Daron Acemoğlu, Asuman Ozdaglar, James Siderius, 30 June 2021

Misinformation spreads rapidly on social media platforms. This column uses a model of online content-sharing to show that a social media platform that wishes to maximise content engagement will propagate extreme articles amongst its most extremist users. ‘Filter bubbles’ prevent the content from spreading beyond its extremist demographic, creating ‘echo chambers’ in which misinformation circulates. The threat of censorship and a corresponding loss in engagement could pressure platforms to fact-check themselves, while regulating their algorithms could mitigate the consequences of filter bubbles. 

Sagit Bar-Gill, Neil Gandal, 10 April 2017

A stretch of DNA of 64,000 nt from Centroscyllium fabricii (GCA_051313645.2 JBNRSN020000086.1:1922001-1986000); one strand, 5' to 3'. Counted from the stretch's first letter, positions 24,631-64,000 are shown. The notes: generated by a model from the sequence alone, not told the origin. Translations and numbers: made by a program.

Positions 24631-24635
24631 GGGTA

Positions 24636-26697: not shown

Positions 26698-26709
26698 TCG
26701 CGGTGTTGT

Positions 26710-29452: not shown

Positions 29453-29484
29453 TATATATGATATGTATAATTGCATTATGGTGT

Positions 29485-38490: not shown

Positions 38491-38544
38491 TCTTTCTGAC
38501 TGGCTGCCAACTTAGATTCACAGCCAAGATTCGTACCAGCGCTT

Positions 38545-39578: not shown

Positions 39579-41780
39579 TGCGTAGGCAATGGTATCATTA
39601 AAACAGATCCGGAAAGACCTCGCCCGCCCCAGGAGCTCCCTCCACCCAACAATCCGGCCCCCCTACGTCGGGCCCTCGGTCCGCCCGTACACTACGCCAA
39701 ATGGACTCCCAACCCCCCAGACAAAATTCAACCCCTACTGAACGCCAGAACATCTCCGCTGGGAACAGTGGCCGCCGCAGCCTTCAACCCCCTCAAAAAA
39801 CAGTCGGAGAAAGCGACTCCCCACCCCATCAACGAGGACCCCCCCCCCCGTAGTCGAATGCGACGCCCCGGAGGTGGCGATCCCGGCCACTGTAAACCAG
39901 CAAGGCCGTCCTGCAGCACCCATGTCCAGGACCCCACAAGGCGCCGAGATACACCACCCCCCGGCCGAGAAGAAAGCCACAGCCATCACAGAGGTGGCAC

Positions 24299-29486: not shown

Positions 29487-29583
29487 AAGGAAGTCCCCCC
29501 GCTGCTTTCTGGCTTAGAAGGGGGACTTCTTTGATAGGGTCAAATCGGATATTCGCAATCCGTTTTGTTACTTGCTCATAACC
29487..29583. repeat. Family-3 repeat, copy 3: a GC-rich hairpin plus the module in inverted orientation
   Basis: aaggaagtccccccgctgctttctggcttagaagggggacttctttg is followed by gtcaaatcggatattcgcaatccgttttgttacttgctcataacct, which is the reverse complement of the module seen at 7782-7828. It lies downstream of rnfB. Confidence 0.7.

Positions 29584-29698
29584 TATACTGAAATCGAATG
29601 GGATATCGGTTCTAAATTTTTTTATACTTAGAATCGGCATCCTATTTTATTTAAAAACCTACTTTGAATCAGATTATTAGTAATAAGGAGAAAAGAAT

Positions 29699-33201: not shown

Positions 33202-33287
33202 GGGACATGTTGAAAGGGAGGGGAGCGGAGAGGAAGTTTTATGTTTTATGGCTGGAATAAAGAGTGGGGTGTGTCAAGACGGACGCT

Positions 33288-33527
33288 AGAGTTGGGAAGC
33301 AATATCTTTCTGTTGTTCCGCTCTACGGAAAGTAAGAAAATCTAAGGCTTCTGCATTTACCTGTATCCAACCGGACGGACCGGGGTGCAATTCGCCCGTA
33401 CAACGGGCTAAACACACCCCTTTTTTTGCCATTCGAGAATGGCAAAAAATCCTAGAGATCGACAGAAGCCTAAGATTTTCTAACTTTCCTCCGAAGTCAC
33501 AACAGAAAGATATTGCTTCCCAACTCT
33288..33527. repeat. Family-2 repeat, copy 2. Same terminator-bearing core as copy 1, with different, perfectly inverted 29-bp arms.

Online echo chambers – in which people engage only with others that share, and media that reflect, their opinions and biases – have become an area of concern in the wake of last year’s startling political upsets. This column investigates how users navigate and explore an online content space. Highly social users and younger users are most likely to get caught in echo chambers, while opinion leaders are less likely to get caught. Reducing the visibility of content popularity information, such as ‘like’ and ‘view’ counts, may help mitigate echo chamber effects. 

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